The job market is gradually improving, but it's still tough out there for the 11 million Americans who remain unemployed. Wouldn't it be great to just look into a crystal ball and see the jobs that will have the greatest demand for workers in the next decade?
Thankfully, the Labor Department did just that (only they used massive surveys and advanced statistics, not actual crystal balls).
Unfortunately, the news is rather depressing. Many of the jobs pay poverty-level wages. (The poverty line was $23,492 in 2012, for a family of four. Five of the 10 jobs on the list pay below that level.)
Here are the projections for the jobs with the most openings from 2012 to 2022.
1. Personal care aide
The "age wave" of baby boomers retiring is driving huge growth in jobs serving the elderly. Personal care aides, who work either in nursing homes or in their patient's houses, have long been among the fastest growing jobs. Over the next decade, they're expected to grow 49%, adding 581,000 jobs.
This is a female-dominated profession and an undervalued one as well. The median salary in 2012 was $19,910, and according to earlier estimates from the Department of Labor, about 40% of these workers rely on Medicaid and food stamps to get by. About half are minorities, many are undocumented immigrants, and a large part of the profession remains in the shadows, paid under-the-table.
"We've organized long-time care through low-wage jobs that have gone disproportionately to African American women and immigrant women of color," said Eileen Boris, Chair of the Department of Feminist Studies at University of California, Santa Barbara. "It's based on the assumption that care is women's work, and you don't have to pay much for it."
2. Registered nurses
Another female-dominated job, but one that pays better wages. Registered nurses are expected to account for 527,000 jobs added over the decade. They earn an average of $65,500 a year.
3. Retail salesperson
Retail jobs are expected to grow about 10% over the decade, accounting for 435,000 new positions. The job often requires less than a high school diploma and pays just $21,000 a year.
4. Home health aide
The Labor Department makes a technical distinction between personal care and home health aides, simply because in some states, the health aide may also administer medications or check a client's vital signs under the direction of a nurse. That said, the jobs are otherwise very similar.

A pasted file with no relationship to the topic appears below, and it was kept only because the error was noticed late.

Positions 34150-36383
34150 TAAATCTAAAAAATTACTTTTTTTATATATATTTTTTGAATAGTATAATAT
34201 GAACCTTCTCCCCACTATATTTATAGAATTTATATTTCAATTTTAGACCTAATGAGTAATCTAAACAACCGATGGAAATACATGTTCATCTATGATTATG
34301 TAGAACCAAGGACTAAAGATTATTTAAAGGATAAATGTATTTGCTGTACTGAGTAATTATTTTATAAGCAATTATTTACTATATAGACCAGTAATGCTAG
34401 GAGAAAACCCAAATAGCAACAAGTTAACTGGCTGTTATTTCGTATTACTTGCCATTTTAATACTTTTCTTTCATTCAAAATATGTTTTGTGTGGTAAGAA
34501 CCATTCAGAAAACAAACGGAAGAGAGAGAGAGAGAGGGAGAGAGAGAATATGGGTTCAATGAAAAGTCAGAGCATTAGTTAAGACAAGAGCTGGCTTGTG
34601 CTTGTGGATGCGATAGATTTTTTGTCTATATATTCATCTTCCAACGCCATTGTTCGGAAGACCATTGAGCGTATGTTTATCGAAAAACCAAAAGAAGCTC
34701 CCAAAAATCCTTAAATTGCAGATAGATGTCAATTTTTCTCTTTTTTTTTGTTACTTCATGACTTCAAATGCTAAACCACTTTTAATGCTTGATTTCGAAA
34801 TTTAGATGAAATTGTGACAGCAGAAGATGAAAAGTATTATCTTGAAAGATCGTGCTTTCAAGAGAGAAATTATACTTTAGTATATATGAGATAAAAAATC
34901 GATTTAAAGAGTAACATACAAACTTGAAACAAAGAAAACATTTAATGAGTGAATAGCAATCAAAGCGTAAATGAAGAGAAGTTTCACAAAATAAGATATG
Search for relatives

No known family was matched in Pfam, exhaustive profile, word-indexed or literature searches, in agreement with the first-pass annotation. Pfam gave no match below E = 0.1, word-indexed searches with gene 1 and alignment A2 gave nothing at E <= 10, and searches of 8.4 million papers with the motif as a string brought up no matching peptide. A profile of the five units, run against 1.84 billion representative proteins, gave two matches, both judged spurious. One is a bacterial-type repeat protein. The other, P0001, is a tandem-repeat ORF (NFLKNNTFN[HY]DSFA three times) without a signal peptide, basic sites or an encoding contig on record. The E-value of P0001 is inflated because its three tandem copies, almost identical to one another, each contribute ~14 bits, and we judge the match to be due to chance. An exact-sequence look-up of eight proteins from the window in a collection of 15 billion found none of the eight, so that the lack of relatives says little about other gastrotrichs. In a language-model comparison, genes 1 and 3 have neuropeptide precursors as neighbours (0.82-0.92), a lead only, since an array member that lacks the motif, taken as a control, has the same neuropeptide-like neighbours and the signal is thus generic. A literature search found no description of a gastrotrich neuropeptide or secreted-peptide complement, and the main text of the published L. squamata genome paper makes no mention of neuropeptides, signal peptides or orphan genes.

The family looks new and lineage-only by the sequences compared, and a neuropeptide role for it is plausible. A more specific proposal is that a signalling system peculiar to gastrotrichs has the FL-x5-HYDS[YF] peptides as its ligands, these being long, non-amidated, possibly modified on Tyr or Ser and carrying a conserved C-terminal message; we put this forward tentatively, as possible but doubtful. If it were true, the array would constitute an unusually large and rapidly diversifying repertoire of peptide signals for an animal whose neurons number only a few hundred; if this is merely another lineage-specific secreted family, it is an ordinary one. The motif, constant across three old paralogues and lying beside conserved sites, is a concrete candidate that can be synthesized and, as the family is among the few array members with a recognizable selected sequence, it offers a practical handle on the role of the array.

This job pays about $21,000 a year and often doesn't even require a high school diploma.
5. Food prep workers (including fast food)
Another low wage job! This one pays just $18,260 a year, and again, often doesn't even require a high school diploma.
That said, it's growing quickly, and expected to add 422,000 positions over the decade.
6. Nursing assistant
Unlike home health aides, "nursing assistant" is usually a title reserved for aides who work in a formal health care facility like a hospital or nursing home. These workers may have a bit more training, but still earn low wages, at around $24,000 a year.
The aging economy is expected to add 312,000 of these jobs over the decade.
7. Secretaries and administrative assistants
The most common job for American women remains the same as it was in 1950: Secretary (or administrative assistant). Given the Labor Department's projections, it could continue that way until at least 2022.
The economy is expected to add 308,000 jobs for secretaries and administrative assistants over the decade, and this estimate does not include those who are legal, medical or executive assistants (and tend to earn higher pay).
This job pays an average of $32,400 a year.
8. Customer service representatives
Customer service representatives are expected to add 299,000 jobs over the decade. This job paid an average salary of $31,000 in 2012.
9. Janitors and cleaners
Finally, there's a male-dominated profession on the list! But no surprise here, it also doesn't pay very well.
Janitors and cleaners (a category that doesn't include in-home maids and housekeepers) are expected to create 280,000 jobs over the decade. They earn an average of $22,000 a year.
10. Construction laborers
After the housing bubble burst, construction was the hardest hit sector in the Great Recession. Now jobs in the industry are finally starting to trickle back.
About 260,000 construction laborer jobs are expected to return this decade -- still not enough to make up for the more than 2 million construction jobs that were lost.
The average wage for a construction laborer was about $30,000 in 2012.